BME100 f2014:Group31 L1
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LAB 1 WRITE-UP
Independent and Dependent Variables
Independent Variable: Dosage of lipopolysaccharide (mg)
The dosage of lipopolysaccharide is the independent variable because it is the quantity being altered in order to see what the effect of its change will be.
Dependent Variable: Amount of Inflammotin
The amount of Inflammotin protein within the blood stream of test subjects is the dependent variable because it is the quantity that is being measured after varying levels of lipopolysaccharide in order to draw conclusions from.
In each group we will have 10 subjects. This will help ensure that any extremes will be accounted for. The 10 subjects will help identify any variables that are yet to be discovered.
The subjects will be selected randomly, which will reduce the experimental bias. The initial group of patients to be selected from will be selected from groups with relatively similar health conditions, in order to reduce the effects of external factors. Each patient will be assigned a number, then we will draw each number out of a box. The first selected round of numbers (the first ten individuals that correspond to the numbers drawn) will be assigned to the first group. Similarly, we will repeat this with all the remaining groups. This type of randomization will create an unbiased experiment because no one party will have control over which individuals go into which groups. We will have a negative and positive control group, with one group receiving a placebo, and the second group receiving a 10 mg dose with the expectation that the 10 mg will create an increase in the protein levels.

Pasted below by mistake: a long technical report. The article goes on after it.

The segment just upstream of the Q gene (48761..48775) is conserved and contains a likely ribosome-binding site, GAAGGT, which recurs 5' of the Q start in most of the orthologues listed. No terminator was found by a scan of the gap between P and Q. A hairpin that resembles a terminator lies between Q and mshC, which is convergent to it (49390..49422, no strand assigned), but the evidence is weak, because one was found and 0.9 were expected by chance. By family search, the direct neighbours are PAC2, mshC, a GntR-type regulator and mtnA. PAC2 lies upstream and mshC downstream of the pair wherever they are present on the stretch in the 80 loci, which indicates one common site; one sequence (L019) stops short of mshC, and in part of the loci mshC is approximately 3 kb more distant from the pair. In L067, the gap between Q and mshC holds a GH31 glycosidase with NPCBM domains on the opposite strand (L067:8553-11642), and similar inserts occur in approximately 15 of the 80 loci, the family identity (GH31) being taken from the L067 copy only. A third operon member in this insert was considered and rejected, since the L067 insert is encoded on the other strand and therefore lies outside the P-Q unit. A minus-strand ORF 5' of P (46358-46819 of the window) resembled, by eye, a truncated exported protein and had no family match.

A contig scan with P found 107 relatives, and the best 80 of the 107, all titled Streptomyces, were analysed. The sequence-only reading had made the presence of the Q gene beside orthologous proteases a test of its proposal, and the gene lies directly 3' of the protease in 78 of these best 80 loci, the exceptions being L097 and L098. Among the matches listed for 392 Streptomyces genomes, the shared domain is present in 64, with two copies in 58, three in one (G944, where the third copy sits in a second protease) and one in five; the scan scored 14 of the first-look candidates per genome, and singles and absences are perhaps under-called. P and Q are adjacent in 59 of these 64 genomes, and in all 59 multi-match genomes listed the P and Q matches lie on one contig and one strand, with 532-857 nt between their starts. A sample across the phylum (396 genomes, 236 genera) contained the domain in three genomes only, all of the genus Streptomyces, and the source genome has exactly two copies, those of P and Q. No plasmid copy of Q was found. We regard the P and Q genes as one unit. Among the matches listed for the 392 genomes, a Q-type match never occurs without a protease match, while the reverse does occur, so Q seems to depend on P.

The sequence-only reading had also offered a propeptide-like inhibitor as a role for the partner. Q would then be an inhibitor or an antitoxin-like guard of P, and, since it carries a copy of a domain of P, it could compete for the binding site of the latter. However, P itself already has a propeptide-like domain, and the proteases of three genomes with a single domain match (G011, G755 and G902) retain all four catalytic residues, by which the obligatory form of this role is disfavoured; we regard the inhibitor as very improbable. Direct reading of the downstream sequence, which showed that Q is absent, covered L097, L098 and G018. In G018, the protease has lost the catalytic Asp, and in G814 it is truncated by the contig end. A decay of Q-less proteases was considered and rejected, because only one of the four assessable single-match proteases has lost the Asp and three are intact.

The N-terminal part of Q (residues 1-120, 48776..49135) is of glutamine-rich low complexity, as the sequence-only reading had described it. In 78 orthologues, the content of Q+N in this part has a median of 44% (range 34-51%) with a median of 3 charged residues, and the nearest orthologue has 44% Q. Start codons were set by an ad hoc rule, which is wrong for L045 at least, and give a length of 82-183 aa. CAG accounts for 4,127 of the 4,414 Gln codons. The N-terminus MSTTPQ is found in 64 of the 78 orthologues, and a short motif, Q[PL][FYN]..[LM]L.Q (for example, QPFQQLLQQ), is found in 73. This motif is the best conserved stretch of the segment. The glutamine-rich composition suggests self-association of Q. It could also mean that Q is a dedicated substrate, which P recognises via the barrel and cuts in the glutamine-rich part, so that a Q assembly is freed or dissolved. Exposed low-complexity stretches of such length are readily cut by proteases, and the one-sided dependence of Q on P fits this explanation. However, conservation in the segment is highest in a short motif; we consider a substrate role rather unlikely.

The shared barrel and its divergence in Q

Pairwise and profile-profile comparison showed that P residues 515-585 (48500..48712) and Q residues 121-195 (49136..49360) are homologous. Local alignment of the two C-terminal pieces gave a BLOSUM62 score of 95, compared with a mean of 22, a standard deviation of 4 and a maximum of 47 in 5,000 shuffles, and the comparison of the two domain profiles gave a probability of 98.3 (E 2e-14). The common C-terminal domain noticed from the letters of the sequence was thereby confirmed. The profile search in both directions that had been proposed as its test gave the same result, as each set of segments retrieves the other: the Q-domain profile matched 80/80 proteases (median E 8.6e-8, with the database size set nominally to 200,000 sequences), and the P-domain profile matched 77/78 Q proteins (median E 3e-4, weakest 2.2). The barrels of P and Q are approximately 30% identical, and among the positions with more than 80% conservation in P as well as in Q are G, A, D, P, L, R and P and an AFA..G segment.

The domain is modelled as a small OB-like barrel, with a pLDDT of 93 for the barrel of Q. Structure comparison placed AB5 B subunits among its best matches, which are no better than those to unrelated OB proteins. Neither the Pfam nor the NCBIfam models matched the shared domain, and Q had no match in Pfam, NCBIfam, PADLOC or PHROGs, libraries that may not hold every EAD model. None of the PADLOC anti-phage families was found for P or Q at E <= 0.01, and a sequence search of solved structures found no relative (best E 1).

Sources of Error and Bias
The people selected for the study might not be representative of the population as a whole. We could control this by picking from a larger pool of test subjects, which would make it more likely it represents the population we want to test for as a whole.
In addition, other factors could be leading to increased LPS levels, such as possible patients having pre-existing infections or inflammation. To combat this, all participants should undergo a thorough medical exam to check against such bias.
Finally, another source of error could come from contamination or inaccurate measuring. To ensure that our results remain unbiased, we could repeat the experiment multiple times, and try to ensure our results are consistent.